Skein is a variable-bit hashing algorithm developed by a group of authors headed by Bruce Schneier. The Skein algorithm is executed as a universal cryptographic primitive, based on the block cipher Threefish, working in UBI-hashing mode. The main requirements of the development are optimization for minimal memory usage, cryptographically secure hashing of small messages, resistance to all existing attacks on hash functions, optimization for 64 — bit processors and active use of table accesses.
What is Skein?
Skein is a cryptographic hash function, which was created in 2008 by a group of authors led by Bruce Schneier and was one of five finalists in the NIST hash function competition, but in 2012 In the final the winner was chosen Keccak algorithm, the most productive and insensitive to the vulnerabilities of SHA-2. The name Skein refers to how the Skein function intertwines the input, similar to a skein of yarn., while leveraging an optional low-overhead argument-system for flexibility. Skein's algorithm as also reference implementation was given to public domain.
Threefish is a configurable block cipher defined for 256, 512, and 1024 bit blocks and arbitrary output sizes. The authors claim 6.1 cycles per byte for any output size on an Intel Core 2 Duo in 64-bit mode.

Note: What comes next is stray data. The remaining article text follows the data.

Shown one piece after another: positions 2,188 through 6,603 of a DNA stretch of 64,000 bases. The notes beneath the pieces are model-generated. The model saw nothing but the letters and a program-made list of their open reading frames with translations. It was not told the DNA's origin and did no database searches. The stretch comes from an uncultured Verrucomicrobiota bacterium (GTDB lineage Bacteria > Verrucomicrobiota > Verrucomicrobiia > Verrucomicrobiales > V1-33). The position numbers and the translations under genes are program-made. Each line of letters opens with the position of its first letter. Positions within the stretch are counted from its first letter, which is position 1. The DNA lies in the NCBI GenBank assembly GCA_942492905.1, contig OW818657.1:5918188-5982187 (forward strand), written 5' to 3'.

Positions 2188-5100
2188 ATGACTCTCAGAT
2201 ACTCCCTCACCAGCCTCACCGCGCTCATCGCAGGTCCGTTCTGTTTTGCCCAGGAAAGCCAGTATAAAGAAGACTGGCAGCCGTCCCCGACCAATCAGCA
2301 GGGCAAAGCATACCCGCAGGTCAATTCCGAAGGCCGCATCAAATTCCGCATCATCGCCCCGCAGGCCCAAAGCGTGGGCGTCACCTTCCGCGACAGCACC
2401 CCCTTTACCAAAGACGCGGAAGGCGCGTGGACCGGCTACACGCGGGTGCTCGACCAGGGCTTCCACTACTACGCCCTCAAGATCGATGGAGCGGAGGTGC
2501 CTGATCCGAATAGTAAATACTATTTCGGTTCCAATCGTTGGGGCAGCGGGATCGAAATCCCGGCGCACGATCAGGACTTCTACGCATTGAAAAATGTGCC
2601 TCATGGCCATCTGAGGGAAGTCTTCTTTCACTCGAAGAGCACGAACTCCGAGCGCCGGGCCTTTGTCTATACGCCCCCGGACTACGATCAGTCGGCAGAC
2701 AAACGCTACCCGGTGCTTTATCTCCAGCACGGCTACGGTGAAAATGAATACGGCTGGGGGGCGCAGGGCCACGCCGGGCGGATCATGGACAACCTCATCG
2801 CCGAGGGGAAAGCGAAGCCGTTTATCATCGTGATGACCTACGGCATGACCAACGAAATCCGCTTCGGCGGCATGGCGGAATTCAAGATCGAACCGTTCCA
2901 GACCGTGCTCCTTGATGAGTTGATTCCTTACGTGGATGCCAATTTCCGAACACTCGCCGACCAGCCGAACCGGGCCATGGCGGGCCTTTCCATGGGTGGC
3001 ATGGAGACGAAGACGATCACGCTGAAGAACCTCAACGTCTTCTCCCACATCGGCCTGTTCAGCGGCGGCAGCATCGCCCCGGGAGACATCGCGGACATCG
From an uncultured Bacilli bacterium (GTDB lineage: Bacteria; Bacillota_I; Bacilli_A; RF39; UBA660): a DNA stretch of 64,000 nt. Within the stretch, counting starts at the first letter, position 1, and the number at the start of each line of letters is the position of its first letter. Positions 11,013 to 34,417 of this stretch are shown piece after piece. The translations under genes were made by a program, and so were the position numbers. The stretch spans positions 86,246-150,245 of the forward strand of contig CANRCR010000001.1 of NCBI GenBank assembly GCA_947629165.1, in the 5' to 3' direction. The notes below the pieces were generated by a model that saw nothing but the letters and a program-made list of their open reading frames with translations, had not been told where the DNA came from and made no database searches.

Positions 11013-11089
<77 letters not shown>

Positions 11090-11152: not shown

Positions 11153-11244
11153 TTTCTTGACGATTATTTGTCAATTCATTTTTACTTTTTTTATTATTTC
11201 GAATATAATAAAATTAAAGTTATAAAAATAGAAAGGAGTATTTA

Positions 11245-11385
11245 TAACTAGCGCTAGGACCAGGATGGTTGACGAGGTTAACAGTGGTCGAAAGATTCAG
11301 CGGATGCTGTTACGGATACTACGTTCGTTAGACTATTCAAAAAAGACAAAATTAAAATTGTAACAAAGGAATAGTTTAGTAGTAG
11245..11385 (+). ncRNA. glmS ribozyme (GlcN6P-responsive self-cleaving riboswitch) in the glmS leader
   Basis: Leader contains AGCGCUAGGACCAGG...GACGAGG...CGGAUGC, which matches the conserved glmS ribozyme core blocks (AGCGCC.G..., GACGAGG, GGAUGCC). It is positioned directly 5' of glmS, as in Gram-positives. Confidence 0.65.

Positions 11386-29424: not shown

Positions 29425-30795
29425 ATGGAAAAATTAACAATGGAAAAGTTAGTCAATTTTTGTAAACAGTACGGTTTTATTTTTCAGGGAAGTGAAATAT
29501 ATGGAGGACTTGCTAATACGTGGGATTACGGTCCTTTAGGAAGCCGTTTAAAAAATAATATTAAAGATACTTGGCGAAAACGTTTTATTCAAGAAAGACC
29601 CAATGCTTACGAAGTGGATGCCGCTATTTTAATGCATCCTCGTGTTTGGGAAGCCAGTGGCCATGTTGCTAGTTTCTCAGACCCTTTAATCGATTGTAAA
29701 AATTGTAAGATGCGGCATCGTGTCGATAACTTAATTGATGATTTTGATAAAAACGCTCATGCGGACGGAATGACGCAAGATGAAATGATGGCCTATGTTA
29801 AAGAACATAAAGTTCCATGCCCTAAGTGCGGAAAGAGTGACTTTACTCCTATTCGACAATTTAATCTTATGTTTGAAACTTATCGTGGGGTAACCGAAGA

The cipher is implemented as a permutation network. The core of Threefish is based on a MIX function that transforms 2 64-bit words using a single addition, rotation by a constant and XOR. The UBI chaining mode combines an input chaining value with an arbitrary length input string and produces a fixed size output.
It uses 72 rounds for 256-bit and 512-bit ciphers, and 80 rounds for 1024-bit ciphers. Between rounds there is a permutation of words, and every four rounds is added to the key, whereby there is a nonlinearity.
Threefish's nonlinearity comes entirely from the combination of addition operations and XORs; it does not use S-boxes. The function is optimized for 64-bit processors, and the Skein paper defines optional features such as randomized hashing, parallelizable tree hashing, a stream cipher, personalization, and a key derivation function.